Bill Heid

This Is My Rifle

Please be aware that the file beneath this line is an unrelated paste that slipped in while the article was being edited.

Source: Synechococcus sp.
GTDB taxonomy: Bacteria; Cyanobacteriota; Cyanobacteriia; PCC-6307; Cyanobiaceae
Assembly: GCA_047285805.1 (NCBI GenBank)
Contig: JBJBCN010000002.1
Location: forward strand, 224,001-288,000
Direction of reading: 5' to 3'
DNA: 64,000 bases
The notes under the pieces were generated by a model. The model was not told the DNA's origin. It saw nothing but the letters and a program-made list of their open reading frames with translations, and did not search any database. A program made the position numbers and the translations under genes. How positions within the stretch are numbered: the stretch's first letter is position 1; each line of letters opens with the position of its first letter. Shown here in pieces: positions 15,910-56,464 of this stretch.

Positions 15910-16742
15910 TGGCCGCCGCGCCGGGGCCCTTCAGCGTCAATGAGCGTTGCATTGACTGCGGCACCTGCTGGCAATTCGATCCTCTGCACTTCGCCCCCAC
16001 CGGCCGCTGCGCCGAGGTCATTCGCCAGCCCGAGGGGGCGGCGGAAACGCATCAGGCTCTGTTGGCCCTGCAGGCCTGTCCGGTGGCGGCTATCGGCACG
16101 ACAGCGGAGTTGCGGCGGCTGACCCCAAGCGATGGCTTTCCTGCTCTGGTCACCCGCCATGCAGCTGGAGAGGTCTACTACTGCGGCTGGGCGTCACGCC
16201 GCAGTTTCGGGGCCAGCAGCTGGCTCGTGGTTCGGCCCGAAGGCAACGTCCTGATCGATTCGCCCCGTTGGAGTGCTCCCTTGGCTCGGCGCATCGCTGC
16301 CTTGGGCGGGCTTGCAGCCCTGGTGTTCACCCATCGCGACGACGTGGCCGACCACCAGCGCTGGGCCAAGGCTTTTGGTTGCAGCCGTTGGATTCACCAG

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Organist Bill Heid is clearly an extremely talented, extroverted, and soulful musician who is equally adept at playing straight blues, swinging bop-influenced music, and the soul-jazz he grew up with in his native Pittsburgh. Living in Detroit for a number of years has also affected his playing in a more progressive manner. This recording, with the off-putting title This Is My Rifle, is not at all about shooting, killing, or war, though the battleground of the American jazz life is a constant theme. Instead, his weapon is the B-3, and his salvos are based in pure expressionism, based on his love for the legendary keyboardist Jimmy Smith, and in this case more in tune with the spacious and sidereal organist Larry Young. With Metro Detroit tenor saxophonist Scott Peterson and Lansing-based drummer Randy Gelispie, Heid is able to stretch themes, deepen hidden meanings, display all of the facets of his immense talent, and pay proper homage to his heroes and certain aspects of his urban and global life. Of the straighter tunes, "Lawrence of Newark" could easily have come from Larry Young's Blue Note album Unity, with its easy swing and 12-bar blues core. In a hard bop notion, "Hakkyo" (translated from Japanese as "insane") sports a clean line with some nutty start-stop flourishes, played expertly. The title cut paraphrases Young's penchant for combining Latin and bop parcels with Peterson's tenor sax suggesting Joe Henderson, while "Nikushima" (meaning "hatred") sports the more atmospheric and legato style of Young as heard in his later years. "Nibbling" is a complex thing in a 3/4 beat, with Heid and Peterson playing tricky lines together in an unfathomable manner, and they really go to town on the hard waltz "No Restraint." Then there's an uptown tribute to Jimmy Smith and Heid's Welsh Corgi dog during "She's from Wales," which bears close resemblance to "Got My Mojo Working," while a ballad homage to Heid's other idol, Don Patterson, is heartwarmingly rendered during "I Remember Don." Peterson's sax sound is just slightly tart, while Gelispie knows this type of material backwards and forwards -- after all, he was an important member of the organ and jazz combos of Sonny Stitt in the last decade of Stitt's life. Heid is an unbelievable musician, full of chops, invention, street smarts, and risk-taking -- nay death-defying -- musical acrobatics. He's hard to be denied genius status, as proven on this excellent CD, long overdue.

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